We walked toward the center of the small town square and saw a lime-green neon sign in cursive handwriting. As we got closer, we heard the sounds of shuffling plates and loud conversations. We walked into Margaret’s and pulled up at the U-shaped counter. We ordered the roasted cauliflower and cheese toast with burrata, fresh tomatoes, and balsamic, and finished with spaghetti bolognese.
Day 4: Head to the Chinati Foundation and stop by an Italian deli
After picking up an iced horchata latte, herbal tea, cinnamon toast, and avocado toast at Do Your Thing specialty coffee shop, we spent most of the day at the Chinati Foundation, the art compound founded by Donald Judd in 1979 on the site of a former military fort. Next, we decided to get a bite at Bordo, a small house-shop on the side of the road that has an Italian deli with a slew of imported goods you can’t find anywhere else in the area and a gelato bar. The main dining area has a green-and-orange tiled counter where owners Hannah and Michael serve homemade pasta, bread, and gelato. We ordered a side of patatas bravas and nibbled on the patio. After, we decided to spend the rest of the day sitting poolside at Thunderbird, reading our new books in between naps in the sun.
Day 5: Sample a buzzed-about Marfa burrito
We woke up hungry, and to our delight, the famous Marfa Burrito was open. The small, no-frills food spot is attached to a family house and has been visited by the likes of Anthony Bourdian and Matthew McConaughey. We got one egg-and-cheese burrito, and one with chorizo. We ended up scheduling our wedding venue meetings and tours all on this same day.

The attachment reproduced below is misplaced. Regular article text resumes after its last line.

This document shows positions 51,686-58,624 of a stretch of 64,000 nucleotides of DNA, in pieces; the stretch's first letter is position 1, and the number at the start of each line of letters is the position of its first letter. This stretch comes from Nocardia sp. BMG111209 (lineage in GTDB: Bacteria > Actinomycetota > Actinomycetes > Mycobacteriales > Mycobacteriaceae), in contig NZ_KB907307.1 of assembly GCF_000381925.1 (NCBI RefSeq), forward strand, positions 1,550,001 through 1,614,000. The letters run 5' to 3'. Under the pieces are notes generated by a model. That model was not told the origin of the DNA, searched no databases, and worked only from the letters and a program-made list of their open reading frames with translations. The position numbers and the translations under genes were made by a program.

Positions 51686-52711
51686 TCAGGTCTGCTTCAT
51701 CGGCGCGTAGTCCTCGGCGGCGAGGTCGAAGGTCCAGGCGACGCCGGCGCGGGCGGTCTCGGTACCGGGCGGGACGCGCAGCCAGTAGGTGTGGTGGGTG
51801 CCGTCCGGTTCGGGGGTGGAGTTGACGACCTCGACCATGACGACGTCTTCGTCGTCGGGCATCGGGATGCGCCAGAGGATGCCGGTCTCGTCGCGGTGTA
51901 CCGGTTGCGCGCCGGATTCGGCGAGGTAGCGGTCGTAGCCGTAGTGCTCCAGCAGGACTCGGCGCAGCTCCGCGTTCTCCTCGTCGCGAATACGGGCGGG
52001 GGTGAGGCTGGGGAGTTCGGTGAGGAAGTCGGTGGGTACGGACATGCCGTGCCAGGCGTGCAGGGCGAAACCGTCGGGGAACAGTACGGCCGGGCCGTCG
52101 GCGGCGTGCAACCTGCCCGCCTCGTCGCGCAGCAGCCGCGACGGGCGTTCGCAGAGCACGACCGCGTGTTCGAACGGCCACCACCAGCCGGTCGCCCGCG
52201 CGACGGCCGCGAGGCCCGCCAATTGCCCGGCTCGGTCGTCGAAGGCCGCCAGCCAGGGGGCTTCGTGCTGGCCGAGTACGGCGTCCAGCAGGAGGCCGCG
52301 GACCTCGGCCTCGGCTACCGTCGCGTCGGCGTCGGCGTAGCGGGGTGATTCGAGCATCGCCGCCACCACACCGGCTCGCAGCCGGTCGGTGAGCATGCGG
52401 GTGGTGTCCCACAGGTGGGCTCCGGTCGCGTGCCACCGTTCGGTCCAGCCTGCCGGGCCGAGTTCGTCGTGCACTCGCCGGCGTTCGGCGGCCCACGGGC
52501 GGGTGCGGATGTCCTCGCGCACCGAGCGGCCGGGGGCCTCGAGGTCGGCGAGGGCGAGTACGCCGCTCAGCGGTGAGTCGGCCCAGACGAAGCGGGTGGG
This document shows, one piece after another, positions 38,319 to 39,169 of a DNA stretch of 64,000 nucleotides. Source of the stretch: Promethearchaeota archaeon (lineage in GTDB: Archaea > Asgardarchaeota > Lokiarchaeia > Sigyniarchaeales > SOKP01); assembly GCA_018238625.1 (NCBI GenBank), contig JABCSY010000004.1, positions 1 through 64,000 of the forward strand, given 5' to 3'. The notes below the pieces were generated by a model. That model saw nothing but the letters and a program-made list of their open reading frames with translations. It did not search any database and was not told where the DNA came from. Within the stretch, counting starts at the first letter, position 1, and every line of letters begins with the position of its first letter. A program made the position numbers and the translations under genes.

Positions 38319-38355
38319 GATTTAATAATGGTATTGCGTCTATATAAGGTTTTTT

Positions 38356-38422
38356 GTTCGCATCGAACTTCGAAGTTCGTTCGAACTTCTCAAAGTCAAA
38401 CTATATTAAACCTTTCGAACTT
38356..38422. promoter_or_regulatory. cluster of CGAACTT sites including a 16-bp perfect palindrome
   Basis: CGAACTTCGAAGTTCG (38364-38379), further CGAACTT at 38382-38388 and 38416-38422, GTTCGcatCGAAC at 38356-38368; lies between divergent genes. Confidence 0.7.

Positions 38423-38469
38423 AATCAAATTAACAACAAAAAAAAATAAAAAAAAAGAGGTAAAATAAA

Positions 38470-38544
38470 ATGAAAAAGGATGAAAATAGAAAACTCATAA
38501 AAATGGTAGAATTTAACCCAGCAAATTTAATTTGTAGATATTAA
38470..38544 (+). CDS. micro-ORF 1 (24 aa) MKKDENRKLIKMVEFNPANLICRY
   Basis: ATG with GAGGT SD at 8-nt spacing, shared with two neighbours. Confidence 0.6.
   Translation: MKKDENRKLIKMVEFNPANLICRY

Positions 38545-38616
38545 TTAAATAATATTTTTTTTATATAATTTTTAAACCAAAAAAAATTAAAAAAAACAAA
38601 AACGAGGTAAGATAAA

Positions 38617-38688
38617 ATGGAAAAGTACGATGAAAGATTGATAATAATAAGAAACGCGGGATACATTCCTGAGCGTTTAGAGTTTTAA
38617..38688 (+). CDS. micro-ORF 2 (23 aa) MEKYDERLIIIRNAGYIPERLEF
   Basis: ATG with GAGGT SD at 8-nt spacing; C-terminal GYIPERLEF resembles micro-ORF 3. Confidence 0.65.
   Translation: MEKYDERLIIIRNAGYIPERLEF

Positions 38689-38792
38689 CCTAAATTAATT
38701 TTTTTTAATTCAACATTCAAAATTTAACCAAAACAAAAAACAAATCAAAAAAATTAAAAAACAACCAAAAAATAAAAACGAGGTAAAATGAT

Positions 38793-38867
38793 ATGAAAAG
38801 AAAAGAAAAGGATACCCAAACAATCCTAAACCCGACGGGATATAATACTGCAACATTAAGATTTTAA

Day 6 : Admire native flora and fauna at the Chihuahuan Desert Research Institute
On our last day before making the drive back to El Paso, we visited the Chihuahuan Desert Research Institute as our final wedding-planning excursion. We want our wedding to be reflective of the region, so learning about the native plants and wildlife seemed to be the perfect creative inspiration. We spent most of the time taking photos of the institute’s cacti collection for color palette inspiration.
We stopped in neighboring Alpine to get coffee from Cedar Coffee & Supply and check out the selection at Front Street Books. Then, we packed up the car and set out toward El Paso, full from the people, food, and natural wonders we were able to witness on the trip, and excited to welcome our family and friends here for our wedding.
Top photos courtesy of Lincoln Mondy and Amirio Freeman.
More Design Detours:
Ruth De Jong’s Weekend of Art Installations and Outdoor Adventures in the Berkshires
AphroChic Founders Bryan Mason and Jeanine Hays’s Quick, Crafty Trip to Marrakech, Morocco